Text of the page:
Note: This lesson could totally be adapted for SASB titrations as well. Here’s the lesson I used for SASB this year.
(introducing WASB Titration & pH Calculations)
Before my students came to class, they watched this video I made and took notes on this notes sheet. In the video, I do pH calculations at six different points along the titration curve, plotting each point as I go.
It’s…a lot. But the nice thing about using this video is that ALL of our class time on this topic is now them practicing, rather than me taking up multiple class periods lecturing on this.
At this point, my students have seen all the calculations, but not tried them themselves. And they’ve seen particle diagrams for SASB, but not for WASB or WBSA. I also forgot to include the idea of a “buffer region” in the video, so I briefly go over that in class.
Introductory Activity – Michael Farabaugh’s Practice
I started class by having students complete this matching activity in their groups. Farabaugh has a video explaining all of this, but I found that my students could successfully complete the matching section without it. (The writing activity that Farabaugh has posted would have been a challenge though).
The Task – Graphing the WASB Titration Curve
I got this idea from AP Chemistry teacher Rafael Betancourt on the AP Chemistry Teachers Facebook group.
The startup costs for this were about $50 because the giant, 2′ x 3′ pads of graph paper are really expensive. Luckily, we only used four sheets of it, so I’ll be able to keep using the pads for years to come. I got 0.75″ diameter colored stickers, which worked well. I wish I’d have gone with the 1″ stickers though, so they could have enough room to write the ion symbols directly on the stickers instead of relying on the key.
Students got right to work. I imagined they would lay the paper on their lab tables, but all four groups taped the graph paper to their vertical whiteboard. They’ve really taken to the whiteboard format, even when I don’t prompt them to. I love it though; they collaborate super well when at the boards.
The results are below. You can move the slider to compare what the projects looked like at the end of the first day and at the end of the second day. What I love most about this is that it encompassed nearly all aspects of the titration curves: pH calculations, the graph itself, important points like equivalence and 1/2-equivalence, and particle diagrams.
Student Misconceptions Uncovered
As a teacher, it can be disheartening when misconceptions like these crop up (did I not teach this clearly enough???). But in reality, part of the point of tasks like this are to bring these misconceptions to light, name them, and help students correct them. So with that mindset shift, here are a few uncovered student misconceptions that are worth celebrating.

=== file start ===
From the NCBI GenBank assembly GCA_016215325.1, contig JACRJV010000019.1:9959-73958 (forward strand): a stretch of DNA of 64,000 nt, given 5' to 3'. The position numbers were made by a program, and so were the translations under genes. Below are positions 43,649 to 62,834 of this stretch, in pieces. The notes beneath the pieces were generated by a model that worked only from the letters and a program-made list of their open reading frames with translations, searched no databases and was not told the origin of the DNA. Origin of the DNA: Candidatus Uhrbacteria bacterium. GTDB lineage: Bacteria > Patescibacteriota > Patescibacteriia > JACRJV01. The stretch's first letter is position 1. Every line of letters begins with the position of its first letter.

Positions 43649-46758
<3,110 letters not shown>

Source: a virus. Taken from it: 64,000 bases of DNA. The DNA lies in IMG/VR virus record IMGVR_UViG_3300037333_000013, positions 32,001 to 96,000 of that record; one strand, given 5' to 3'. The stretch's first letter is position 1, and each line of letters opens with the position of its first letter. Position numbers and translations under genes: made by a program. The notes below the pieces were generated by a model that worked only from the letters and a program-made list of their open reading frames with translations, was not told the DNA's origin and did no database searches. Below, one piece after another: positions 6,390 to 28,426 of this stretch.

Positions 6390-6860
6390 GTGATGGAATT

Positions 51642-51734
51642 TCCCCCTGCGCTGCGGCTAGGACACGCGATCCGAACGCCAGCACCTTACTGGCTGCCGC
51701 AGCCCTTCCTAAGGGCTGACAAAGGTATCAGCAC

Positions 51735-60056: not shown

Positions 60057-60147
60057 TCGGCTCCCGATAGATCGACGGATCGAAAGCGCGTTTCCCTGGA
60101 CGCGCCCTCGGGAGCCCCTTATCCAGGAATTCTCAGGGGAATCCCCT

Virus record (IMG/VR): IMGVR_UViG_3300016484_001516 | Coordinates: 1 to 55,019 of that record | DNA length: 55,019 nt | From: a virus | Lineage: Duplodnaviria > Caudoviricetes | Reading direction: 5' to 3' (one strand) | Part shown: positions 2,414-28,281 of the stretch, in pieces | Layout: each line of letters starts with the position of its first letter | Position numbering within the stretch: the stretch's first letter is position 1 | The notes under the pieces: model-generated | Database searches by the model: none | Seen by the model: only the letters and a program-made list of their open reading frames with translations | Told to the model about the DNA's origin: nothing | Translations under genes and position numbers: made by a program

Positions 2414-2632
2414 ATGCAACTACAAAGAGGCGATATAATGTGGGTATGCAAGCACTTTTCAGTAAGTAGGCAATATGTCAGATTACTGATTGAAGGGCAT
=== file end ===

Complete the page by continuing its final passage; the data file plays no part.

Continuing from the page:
- Net Ionic Equation is the same as SASB – One group had their net ionic equation written as H+ + OH– = H2O. They had separated the weak acid HA into ions on the reactant side and canceled A– on each side as a spectator.
- H+ included in particulate diagram in the buffer region – HA dissociates into H+ and A– as the acid is titrated, but the H+ that is produced is immediately neutralized by the OH–, becoming water. A couple groups were including those hydrogen ions. I pointed out the N.I.E. for the titration, showing there were no hydrogen ions produced. It felt wrong to at least one student that there were then fewer ions in the particle diagram, so we talked about how those atoms are still there, but not they’re part of water molecules, which we’re not including in the diagram.
- Equivalence point pH not in the middle of the vertical section – You can see the mistake in the “before” image of the first titration curve above. The group plotted the equivalence point, then had the graph going immediately up and to the right, instead of continuing upward before curving over.
- Difference between neutralization and dissociation – One of my groups was conflating the two of these, which led to a lot of difficulty in their calculations. I’m glad we had the chance to get this straightened out, since it’s pretty essential to everything in this unit.
Afterward, I asked a few students if they thought I should do all this next time I teach AP Chemistry. Once student replied that she thought it was worth it, even though it took a long time.
And that’s my main concern. This took two full 90-minute blocks. Overall, I think it was worth it. Between exposing misconceptions, getting practice with particle diagrams, practicing all the calculations, and comparing these curves with the SASB titration curves, there was (hopefully) a lot of learning going on.
Either way, it was definitely better than past years when I’ve just worked through the calculations in front of them and not saved time to practice.